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Isolation creeps off the stage in the ultimately hopeful play I Think We Alone -REVIEW; Sally Abbott's play weaves individual stories into a compelling tale of despair and togetherness.

Byline: By, Laura Davis

It's rare to feel lonely in a theatre, a space where hundreds of strangers come together to share in an experience.

But in Sally Abbott's play, I Think We Are Alone, the characters' self-imposed isolation is contagious, creeping off the stage and infiltrating the audience.

The clue is in the title of course, and yet ultimately the message is one of hope -that we don't have to be lonely if we choose to reach out to those around us.

But before that optimistic conclusion, there are hurdles to overcome as the characters tell their initially unconnected stories in a series of monologues that start to blend into two-handers as their lives begin to interconnect.

There is Josie, who is better at mourning the loss of her dog than she is her own father. Chizzy Akudolu's warm-hearted single mum pushes her own dreams on to her son Manny Caleb Roberts who is struggling with being one of the few non-white, state school-educated kids at Cambridge.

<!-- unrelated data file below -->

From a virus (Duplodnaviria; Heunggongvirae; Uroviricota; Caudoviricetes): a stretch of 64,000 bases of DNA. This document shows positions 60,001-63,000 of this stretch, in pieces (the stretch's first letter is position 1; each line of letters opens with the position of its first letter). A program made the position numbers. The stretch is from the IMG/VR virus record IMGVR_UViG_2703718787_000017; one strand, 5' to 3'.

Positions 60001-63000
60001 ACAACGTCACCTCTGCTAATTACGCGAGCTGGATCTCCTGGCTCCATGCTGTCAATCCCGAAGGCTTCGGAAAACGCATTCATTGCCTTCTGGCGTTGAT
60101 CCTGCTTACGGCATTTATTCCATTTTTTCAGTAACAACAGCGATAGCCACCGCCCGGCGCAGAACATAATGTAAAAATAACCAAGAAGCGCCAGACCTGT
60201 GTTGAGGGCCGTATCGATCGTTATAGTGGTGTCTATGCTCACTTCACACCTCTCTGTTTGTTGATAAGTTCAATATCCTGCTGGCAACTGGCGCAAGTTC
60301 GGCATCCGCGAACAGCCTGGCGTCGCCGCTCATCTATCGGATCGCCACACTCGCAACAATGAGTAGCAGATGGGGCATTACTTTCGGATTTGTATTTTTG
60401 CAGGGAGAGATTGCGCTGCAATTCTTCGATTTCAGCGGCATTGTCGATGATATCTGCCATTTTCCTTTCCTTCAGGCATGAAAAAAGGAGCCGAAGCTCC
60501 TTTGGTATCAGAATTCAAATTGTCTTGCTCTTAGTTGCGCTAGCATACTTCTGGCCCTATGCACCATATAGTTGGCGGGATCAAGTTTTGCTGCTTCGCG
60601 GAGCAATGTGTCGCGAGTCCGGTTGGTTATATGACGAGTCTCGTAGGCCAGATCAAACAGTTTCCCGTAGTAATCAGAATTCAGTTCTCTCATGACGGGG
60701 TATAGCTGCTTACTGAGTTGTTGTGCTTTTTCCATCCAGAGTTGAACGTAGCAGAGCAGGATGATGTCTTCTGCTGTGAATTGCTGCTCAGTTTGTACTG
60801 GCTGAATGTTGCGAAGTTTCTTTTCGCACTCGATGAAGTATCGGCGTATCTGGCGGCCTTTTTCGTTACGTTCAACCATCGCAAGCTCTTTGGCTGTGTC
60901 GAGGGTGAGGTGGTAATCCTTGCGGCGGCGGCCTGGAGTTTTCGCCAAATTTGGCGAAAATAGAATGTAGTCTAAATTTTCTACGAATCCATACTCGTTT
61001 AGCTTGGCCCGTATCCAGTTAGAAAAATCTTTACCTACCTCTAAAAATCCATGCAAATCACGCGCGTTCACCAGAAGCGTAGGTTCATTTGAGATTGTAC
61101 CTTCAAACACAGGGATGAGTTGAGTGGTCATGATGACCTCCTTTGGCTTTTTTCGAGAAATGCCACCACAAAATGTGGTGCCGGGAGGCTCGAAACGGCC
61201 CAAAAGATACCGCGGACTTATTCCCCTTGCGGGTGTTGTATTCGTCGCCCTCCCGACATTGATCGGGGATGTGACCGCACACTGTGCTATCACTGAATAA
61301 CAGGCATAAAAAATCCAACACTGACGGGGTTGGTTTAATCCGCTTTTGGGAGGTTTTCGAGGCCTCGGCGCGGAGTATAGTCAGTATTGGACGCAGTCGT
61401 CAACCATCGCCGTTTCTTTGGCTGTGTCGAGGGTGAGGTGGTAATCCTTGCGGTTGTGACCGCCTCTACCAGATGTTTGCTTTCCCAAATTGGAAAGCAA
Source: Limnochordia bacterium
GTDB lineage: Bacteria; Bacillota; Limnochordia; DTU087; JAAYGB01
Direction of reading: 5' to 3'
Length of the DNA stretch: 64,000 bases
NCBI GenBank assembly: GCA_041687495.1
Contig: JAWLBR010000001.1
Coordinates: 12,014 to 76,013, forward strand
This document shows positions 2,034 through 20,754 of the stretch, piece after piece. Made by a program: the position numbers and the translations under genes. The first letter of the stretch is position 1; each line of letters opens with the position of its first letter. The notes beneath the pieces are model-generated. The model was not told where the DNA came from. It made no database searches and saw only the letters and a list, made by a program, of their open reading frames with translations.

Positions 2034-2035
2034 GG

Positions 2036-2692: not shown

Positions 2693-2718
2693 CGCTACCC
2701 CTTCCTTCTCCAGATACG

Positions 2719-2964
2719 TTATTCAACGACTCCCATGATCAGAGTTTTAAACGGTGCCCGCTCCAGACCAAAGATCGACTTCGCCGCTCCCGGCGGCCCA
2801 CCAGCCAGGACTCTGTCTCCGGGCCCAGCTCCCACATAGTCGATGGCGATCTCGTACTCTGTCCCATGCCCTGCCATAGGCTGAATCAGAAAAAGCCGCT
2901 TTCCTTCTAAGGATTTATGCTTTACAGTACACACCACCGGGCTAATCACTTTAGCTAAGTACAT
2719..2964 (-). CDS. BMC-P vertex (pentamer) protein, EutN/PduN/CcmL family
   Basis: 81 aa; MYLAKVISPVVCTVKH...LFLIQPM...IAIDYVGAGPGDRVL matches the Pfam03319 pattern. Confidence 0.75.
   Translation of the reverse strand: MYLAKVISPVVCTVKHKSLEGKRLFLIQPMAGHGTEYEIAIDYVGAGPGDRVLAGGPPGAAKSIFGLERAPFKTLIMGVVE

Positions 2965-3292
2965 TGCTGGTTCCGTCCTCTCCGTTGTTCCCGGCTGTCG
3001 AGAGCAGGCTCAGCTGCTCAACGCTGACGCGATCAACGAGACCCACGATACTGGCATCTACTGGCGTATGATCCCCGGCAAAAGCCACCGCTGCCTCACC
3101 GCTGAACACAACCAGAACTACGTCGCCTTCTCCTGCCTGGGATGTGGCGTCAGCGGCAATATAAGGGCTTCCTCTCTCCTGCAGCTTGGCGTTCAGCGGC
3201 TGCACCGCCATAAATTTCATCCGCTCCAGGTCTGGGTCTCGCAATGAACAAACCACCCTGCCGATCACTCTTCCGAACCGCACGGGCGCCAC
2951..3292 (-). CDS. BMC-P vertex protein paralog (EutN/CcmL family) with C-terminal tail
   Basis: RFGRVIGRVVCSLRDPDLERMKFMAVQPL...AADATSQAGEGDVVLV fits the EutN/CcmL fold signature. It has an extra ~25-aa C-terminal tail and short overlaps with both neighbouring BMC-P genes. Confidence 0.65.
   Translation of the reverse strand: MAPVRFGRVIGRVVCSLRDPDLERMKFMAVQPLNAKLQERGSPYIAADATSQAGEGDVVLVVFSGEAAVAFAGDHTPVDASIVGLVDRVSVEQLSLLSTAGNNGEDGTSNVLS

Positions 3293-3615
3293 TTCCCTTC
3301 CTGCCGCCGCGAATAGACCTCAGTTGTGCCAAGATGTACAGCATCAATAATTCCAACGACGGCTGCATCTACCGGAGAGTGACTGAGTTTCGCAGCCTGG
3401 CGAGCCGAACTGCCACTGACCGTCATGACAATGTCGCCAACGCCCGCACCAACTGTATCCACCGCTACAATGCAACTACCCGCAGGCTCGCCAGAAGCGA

Andrew Turner is particularly moving as the bewildered cabbie trying to cope with the death of his wife. Meanwhile, Simone Saunders gives an empathetic performance as the young mum putting a brave face on being confronted by her mortality. Kudos for the real tears.

But their -sadly -fairly common tragedies are blown away by the story of two estranged sisters Polly Frame and Charlotte Bate as it unravels from the seeds of a ghost story into a heart-wrenching confrontation about misunderstanding, abuse and betrayal -with a brilliant twist.

Co-directors Kathy Burke and Scott Graham, draw every nuance from Abbott's script -from moments dripping with pain to clever comic lines. And the set by designer Morgan Large and lighting designer Paul Keogan -a series of light boxes that spin round as the actors each tell their stories -provides the perfect claustrophobic backdrop for their tales.

I Think We Are Alone is at the Liverpool Playhouse until Saturday, February 15. Tickets HERE.

CAPTION(S):

Credit: [c]Tristram Kenton

Chizzy Akudolu (Joseie) and Caleb Roberts (Manny) in a scene from I Think We Are Alone by Sally Abbott

Credit: [c]Tristram Kenton

Andrew Turner (Graham)

Credit: [c]Tristram Kenton

Clare (Polly Frame)

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Title Annotation:Theatre
Author:By, Laura Davis
Publication:Crosby Herald (Liverpool, England)
Date:Feb 12, 2020
Words:367
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